Independent journalist Garry Leech is one of the few foreigners who have
seen the Colombia that hardly anyone sees. He has spent nearly ten
years in Colombia’s war zones and has seen a side of Colombia that most
prefer not to know about.
Leech, editor of colombiajournal.org, has recently finished the book ‘Beyond Bogota: Diary of a Drug War Journalist in Colombia’ about the years he spent investigating Colombia’s conflict. A book he decided to start writing while he was held at gunpoint by FARC guerrillas and realized his son would never know the kind of work his father did if at that point or anytime something would happen to him.
Without Leech’ reporting, the stories of the Colombia that most of us never see would not be told. The reality that hardly anyone of us know, is still hitting hard on the rural areas of Colombia, the reporter assures. The American does not report on the beautiful women of Medellín, the architecture of Cartagena and the vibrant nightlife of Bogotá. Leech reports the stories of the Colombians who live in areas where you and I are smart enough not to go.
According to the independent reporter, there is no one-sided answer as to whether Colombia has improved over the years he has spent researching the country. “The situation has improved incredibly in cities like Bogotá, Medellín and Cali and large parts of central Colombia, but if you go to the rural areas the situation is equally bad and in some cases even worse than ten years ago,” he says.
Most people are not aware of the seriousness of the conflict that’s still going on, because they’re simply not told about it, he says. “All mainstream media and press agencies are based in Bogotá and rarely leave Bogotá. They do not see or show what goes on in the country. Because of this lack of investigative reporting they are over-dependent on official information. This causes a lot of misconception of Colombia and a lack of awareness of what is really going on here.”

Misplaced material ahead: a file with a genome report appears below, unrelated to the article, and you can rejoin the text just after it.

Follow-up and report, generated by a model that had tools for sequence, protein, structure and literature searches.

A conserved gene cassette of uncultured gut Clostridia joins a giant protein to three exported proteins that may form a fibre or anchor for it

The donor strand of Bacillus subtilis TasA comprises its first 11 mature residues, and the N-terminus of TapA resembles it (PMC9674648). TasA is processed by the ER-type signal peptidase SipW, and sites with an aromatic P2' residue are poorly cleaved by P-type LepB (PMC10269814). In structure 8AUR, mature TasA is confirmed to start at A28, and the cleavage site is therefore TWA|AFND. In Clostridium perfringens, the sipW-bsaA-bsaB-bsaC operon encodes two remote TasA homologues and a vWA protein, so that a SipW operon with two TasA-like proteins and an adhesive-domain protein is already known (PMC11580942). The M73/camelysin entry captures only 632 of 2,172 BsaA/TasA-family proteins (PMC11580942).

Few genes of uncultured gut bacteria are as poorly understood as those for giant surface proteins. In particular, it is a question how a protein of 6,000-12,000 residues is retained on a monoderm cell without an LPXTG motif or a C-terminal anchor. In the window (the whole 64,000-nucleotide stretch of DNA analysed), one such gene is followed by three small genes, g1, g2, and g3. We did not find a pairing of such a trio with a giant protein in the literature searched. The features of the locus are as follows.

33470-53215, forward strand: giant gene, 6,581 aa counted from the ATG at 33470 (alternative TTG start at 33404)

“There are very few foreign reporters who have been to the war zones.
Even Colombian journalists hardly report from where the war is taking
place, except for guys like Hollman Morris,” he says.
Having spent that much time in the conflict areas and having seen so many sides of the country, Leech sees very little future in the military approach to the conflict with the FARC or in Plan Colombia as a way to end the cultivation of coca. “To be able to achieve peace in Colombia, it is necessary that the FARC lay down their weapons. The problem is that the FARC are not like the AUC and won’t demobilize without real compromises made in the economic system in Colombia,” Leech says. “The AUC could demobilize, because they never demanded change, they were protecting the system. The FARC does demand change and now, although it is using terrorism and
violates human rights, tries to achieve that. The only way to stop the
violence is by addressing the inequalities and poverty so prevalent in
Colombia, which is something that many Colombians are struggling
non-violently to achieve.”
Leech’s ‘Beyond Bogota’ is not an analysis on the situation of Colombia’s violent conflict, but more an eye-witness account of the gringo that goes where no gringo goes.
Garry Leech talks about and signs Beyond Bogota
February 21, 7PM
Authors Bookstore and Cafe
Calle 70 #5-23, Bogotá